Destination: Grand Canyon National Park

Grand Canyon National Park

Grand Canyon National Park

I drove up to to Grand Canyon National Park on Memorial Day thinking, “This is going to be crazy, it’s a holiday weekend and I’m going to one of the most visited sites in the world.”

And then, as I came out of Flagstaff and onto the main route to the canyon, I was the only one on the road. For an hour and a half I barely saw another sign of life. Methinks this is the best type of driving. Mountains and forests and open fields and not a soul to interrupt wherever my mind wants to wander. A few pics of the drive to the canyon:

Driving toward Grand Canyon National Park from Flagstaff Driving to Grand Canyon National Park from Flagstaff

Entering the park from the south, the main road takes you to an enormous visitor center (busier x1000 than my drive to the park). This alone took me a half hour to get through, from reading signs to filling up water bottles. There are also a few thirsty visitors to work your way around:

Grand Canyon National Park visitor's center

Thirsty at the Grand Canyon National Park visitor’s center!

I initially walked the Rim Trail, adjacent to the visitor’s center. My spidey senses tell me that this is 90% of people’s first view of the canyon, as it was mine. Here, you walk along a flat, paved trail that traces the edge of the canyon for some time.

Grand Canyon National Park

Along the Rim Trail at Grand Canyon National Park

Next, I drove the lone road out to the Desert View Watchtower at the park’s east entrance, a 70-foot structure built in 1932 to resemble the watchtowers of the Ancient Pueblo People. Inside, the tower boasts murals everywhere. A gift shop makes up the ground floor. God knows I hate when they ruin an attraction with a gift shop at every turn (I’m talking to you, SeaWorld San Diego). But I did appreciate the murals.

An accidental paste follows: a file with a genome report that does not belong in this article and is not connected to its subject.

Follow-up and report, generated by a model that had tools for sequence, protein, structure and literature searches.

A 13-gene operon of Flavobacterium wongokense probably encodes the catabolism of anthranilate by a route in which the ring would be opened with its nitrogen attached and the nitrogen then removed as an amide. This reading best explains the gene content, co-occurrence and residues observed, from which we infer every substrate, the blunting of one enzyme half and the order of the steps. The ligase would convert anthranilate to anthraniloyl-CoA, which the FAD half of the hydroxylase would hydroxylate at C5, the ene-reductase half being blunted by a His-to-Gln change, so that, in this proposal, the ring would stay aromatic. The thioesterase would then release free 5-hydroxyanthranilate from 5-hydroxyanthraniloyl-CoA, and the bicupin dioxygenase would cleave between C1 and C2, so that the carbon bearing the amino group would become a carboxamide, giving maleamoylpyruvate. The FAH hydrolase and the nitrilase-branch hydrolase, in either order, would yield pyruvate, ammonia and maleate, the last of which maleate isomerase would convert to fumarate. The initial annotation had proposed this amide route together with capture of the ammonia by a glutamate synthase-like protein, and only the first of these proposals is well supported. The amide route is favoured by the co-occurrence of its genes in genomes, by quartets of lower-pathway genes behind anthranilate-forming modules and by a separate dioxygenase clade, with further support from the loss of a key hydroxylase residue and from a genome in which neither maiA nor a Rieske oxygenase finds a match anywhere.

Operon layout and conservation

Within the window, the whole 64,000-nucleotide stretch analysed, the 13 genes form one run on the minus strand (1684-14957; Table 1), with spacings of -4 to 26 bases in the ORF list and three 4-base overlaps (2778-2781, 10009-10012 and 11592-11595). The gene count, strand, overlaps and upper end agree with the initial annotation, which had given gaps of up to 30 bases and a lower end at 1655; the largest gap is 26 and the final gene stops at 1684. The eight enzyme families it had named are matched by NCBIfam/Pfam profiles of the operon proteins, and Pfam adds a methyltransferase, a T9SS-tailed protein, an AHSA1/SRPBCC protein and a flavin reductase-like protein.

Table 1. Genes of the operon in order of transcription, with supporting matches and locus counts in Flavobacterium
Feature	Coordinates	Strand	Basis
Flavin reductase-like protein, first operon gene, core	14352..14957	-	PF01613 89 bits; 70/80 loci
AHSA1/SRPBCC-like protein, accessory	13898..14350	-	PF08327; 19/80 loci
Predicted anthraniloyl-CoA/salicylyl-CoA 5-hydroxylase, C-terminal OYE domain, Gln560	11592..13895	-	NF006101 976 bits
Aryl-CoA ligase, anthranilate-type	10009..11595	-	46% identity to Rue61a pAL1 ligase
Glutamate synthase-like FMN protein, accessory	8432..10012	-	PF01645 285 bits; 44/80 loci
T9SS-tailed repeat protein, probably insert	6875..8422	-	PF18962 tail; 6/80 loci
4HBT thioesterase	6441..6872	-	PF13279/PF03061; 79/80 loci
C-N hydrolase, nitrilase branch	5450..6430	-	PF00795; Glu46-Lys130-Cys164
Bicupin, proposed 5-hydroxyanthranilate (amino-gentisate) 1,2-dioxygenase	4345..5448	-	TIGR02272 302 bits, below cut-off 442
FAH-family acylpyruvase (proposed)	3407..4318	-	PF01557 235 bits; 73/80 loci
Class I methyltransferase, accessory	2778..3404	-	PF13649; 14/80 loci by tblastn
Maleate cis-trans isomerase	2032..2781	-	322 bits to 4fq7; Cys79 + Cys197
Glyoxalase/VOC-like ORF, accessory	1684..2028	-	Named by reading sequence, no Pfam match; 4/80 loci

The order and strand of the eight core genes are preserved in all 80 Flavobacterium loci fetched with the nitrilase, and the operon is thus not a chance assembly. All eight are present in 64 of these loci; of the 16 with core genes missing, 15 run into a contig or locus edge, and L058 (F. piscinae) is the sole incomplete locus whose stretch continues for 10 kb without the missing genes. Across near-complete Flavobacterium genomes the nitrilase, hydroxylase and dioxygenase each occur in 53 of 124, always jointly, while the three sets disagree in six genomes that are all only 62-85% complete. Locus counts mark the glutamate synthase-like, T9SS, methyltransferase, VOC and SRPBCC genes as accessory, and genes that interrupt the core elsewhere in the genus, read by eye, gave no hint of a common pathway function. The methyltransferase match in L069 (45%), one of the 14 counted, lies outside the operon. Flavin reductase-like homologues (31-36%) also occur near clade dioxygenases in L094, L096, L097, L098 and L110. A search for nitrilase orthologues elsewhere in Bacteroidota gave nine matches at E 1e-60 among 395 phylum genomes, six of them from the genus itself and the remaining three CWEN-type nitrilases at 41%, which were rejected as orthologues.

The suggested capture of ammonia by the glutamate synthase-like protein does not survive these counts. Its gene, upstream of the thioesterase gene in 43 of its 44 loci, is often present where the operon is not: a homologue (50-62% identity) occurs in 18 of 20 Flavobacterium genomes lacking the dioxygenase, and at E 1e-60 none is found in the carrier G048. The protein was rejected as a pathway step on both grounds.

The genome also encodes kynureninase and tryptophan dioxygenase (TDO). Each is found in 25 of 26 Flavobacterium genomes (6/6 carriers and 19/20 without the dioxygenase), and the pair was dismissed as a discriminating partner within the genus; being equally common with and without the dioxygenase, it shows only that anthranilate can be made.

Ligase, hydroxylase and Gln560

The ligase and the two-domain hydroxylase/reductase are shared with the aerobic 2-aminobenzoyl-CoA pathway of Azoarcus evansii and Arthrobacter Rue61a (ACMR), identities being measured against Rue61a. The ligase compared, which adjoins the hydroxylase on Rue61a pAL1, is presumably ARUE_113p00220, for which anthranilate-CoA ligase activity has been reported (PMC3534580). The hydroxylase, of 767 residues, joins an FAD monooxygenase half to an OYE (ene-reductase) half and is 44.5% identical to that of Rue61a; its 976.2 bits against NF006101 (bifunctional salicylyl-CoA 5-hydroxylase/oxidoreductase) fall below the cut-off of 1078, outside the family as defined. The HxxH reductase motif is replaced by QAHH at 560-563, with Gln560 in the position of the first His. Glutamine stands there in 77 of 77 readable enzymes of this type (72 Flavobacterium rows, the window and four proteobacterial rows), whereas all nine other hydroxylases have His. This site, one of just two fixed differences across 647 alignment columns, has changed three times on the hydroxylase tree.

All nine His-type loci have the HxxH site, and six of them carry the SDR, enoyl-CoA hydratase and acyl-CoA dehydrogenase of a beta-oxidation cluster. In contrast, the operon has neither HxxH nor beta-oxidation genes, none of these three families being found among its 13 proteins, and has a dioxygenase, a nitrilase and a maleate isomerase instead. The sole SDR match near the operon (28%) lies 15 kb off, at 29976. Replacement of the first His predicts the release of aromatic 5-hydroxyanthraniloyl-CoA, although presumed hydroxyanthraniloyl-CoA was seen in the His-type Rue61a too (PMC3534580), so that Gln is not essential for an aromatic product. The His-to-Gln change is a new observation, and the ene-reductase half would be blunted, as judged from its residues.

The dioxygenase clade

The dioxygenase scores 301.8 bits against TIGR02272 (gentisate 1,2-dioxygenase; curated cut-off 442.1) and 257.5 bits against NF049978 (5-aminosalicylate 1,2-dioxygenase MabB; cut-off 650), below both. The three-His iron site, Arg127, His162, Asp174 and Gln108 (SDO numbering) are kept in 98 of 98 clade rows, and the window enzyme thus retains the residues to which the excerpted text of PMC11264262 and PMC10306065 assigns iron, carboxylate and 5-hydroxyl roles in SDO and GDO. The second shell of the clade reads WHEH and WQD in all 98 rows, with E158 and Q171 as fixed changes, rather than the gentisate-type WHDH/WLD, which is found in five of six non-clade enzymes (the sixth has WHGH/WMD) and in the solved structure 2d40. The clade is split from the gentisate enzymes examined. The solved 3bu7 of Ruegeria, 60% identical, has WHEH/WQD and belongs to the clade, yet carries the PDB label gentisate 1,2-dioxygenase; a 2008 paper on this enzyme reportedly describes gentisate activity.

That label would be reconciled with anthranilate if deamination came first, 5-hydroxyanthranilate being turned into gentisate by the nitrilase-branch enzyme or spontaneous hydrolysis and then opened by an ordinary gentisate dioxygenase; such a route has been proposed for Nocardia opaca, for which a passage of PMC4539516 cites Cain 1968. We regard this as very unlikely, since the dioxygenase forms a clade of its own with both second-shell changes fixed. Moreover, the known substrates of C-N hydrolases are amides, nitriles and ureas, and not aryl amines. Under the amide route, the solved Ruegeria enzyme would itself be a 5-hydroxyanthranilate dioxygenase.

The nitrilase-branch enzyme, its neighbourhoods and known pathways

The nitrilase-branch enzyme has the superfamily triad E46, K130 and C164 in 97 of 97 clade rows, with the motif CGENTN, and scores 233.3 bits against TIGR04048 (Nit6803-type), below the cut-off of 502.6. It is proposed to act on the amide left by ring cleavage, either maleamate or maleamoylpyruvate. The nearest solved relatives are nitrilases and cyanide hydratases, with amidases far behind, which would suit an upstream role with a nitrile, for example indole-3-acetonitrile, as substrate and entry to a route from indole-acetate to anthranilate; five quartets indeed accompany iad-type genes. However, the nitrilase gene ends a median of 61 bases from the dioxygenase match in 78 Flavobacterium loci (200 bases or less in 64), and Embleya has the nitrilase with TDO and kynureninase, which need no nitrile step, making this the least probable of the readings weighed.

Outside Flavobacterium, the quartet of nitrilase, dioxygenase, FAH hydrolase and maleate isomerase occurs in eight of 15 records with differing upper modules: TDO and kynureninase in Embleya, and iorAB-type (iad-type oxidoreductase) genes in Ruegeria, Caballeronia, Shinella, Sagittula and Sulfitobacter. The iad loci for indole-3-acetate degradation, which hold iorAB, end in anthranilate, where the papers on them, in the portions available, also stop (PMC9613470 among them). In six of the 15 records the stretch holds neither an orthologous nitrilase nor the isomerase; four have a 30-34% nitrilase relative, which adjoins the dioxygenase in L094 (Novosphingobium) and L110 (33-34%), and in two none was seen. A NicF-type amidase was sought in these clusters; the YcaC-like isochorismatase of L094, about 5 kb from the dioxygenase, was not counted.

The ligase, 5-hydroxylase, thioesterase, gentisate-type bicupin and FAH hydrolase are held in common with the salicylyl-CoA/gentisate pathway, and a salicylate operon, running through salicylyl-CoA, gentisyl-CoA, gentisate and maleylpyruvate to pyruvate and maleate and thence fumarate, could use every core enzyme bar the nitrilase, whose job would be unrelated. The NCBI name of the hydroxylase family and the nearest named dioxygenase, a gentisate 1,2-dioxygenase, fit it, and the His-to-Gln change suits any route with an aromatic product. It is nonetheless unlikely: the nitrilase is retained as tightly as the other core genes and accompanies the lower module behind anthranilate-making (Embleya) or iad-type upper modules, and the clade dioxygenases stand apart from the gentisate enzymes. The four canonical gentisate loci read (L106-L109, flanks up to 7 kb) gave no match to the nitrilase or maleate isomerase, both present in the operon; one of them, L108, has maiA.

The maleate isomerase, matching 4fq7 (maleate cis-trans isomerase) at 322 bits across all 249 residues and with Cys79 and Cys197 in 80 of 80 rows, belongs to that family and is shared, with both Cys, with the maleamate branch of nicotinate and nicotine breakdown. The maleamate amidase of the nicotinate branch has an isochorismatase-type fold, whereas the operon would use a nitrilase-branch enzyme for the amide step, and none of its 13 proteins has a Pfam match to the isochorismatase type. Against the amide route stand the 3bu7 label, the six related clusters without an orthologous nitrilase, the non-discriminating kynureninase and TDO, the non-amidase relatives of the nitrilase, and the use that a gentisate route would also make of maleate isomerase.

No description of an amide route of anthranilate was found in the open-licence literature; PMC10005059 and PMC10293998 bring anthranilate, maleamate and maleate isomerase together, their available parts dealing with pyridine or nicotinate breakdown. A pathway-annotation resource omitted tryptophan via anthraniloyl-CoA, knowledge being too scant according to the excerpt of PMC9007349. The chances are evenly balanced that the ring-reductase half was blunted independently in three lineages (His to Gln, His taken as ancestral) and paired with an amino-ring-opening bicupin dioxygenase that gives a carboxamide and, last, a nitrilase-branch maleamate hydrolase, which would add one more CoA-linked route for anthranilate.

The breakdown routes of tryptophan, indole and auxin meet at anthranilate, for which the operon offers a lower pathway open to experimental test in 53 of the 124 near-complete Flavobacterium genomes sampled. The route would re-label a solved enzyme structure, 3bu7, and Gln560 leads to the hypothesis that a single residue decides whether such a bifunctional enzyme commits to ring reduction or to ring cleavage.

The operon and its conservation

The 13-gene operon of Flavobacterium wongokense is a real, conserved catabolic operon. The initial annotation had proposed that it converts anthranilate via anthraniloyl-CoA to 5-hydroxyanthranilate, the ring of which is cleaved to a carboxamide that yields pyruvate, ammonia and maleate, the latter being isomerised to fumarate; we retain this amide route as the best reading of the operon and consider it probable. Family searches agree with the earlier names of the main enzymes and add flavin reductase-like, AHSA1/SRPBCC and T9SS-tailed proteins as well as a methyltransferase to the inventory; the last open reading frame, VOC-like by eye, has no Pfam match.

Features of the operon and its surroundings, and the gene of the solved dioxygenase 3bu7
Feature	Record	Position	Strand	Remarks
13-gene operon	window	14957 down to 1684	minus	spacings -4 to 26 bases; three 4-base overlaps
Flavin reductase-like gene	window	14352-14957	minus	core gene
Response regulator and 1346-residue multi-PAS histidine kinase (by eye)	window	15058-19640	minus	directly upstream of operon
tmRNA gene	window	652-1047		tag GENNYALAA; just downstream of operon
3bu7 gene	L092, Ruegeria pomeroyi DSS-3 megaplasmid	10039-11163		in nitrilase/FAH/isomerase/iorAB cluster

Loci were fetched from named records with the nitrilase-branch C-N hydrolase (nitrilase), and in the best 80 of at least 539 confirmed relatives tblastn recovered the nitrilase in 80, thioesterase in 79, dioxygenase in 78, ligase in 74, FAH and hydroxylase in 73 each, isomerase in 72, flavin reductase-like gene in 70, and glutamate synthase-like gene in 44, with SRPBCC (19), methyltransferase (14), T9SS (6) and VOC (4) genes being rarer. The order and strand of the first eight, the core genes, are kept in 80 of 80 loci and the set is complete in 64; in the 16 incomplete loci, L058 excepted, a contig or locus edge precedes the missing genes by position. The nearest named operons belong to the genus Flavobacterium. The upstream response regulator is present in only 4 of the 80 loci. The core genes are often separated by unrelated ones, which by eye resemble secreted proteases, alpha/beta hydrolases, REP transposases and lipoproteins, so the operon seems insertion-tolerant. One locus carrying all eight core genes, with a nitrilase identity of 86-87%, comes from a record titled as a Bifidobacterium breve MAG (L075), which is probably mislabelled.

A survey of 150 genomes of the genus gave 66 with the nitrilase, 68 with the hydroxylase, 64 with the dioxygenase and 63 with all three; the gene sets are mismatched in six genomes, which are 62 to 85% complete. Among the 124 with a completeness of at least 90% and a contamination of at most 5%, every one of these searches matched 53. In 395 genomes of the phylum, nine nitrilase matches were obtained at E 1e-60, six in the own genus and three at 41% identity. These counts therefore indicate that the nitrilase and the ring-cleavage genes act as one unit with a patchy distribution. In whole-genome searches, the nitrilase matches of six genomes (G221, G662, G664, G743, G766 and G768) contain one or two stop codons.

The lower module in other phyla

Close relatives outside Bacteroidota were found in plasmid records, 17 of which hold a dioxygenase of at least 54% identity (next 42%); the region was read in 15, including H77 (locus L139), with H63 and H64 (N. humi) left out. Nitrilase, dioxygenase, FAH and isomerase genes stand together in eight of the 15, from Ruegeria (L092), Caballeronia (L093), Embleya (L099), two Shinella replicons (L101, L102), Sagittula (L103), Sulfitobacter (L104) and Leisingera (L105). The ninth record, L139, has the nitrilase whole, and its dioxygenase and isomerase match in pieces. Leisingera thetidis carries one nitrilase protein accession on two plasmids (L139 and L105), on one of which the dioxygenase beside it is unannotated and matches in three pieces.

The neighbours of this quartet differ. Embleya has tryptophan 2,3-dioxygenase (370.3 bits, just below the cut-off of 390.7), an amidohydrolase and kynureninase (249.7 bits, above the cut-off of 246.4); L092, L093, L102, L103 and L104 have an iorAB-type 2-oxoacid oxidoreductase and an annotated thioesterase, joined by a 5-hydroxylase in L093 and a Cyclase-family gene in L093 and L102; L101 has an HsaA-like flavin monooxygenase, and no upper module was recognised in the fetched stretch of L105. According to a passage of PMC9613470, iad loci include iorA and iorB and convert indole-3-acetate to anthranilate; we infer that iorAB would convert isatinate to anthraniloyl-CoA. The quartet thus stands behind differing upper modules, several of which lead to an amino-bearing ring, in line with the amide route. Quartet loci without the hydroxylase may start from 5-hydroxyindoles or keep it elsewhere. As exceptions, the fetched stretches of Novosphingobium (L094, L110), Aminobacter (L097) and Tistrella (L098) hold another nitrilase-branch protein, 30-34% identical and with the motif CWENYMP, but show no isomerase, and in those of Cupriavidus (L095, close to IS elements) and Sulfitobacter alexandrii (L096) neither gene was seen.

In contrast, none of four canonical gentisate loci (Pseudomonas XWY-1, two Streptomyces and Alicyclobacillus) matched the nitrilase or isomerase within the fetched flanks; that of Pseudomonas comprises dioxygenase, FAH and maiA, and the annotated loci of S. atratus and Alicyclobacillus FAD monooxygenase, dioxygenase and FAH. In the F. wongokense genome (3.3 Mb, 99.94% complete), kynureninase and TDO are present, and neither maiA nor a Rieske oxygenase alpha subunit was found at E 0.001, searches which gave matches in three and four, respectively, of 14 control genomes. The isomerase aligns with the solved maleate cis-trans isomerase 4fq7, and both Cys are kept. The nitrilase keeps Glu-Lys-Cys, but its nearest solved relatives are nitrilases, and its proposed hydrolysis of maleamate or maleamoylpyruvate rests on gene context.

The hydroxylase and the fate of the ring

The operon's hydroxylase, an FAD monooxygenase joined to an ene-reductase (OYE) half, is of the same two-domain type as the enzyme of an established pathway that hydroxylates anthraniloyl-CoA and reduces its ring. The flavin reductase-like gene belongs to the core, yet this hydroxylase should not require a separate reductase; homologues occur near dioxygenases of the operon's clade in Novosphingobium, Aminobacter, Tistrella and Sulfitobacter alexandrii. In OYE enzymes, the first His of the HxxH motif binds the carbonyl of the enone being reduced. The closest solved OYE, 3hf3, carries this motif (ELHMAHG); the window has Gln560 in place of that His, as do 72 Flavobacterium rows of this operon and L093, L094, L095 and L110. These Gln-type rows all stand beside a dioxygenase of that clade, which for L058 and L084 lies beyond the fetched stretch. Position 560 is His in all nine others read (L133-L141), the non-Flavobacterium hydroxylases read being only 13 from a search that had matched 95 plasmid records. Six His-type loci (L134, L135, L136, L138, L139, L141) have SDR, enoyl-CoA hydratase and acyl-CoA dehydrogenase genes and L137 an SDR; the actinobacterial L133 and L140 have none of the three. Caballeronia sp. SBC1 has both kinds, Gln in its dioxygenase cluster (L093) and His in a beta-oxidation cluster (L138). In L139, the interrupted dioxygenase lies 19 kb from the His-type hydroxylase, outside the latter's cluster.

Desert View Watchtower

Desert View Watchtower

Desert View Watchtower

Inside the Desert View Watchtower

Another attraction along the route were the Tusayun Ruins, an 800 year old site where Pueblo Indians lived for about 20 years. The short, self-guided path around the ruins is accompanied by a museum that shares tidbits of life about the tribes that lived in this area. Cool.

Tusayun Ruins

Tusayun Ruins

My final stop before exiting the park was the Grandview Trail, a pathway into the canyon less maintained than other trails. I was drawn to this. The park itself is so touristy that you desperately want to grasp at anything semi-wild you find along the way.

Grandview Trail sign

The sign at Grandview Trail “warns” hikers of how fun it is!

View from Grandview Point

View from Grandview Point

End result of my day: a bunch of canyon pictures that all look more or less alike. Learn more about Grand Canyon National Park here.


2 thoughts on “Destination: Grand Canyon National Park

  1. Pingback: Destination: Sequoia National Park | Colette Kay

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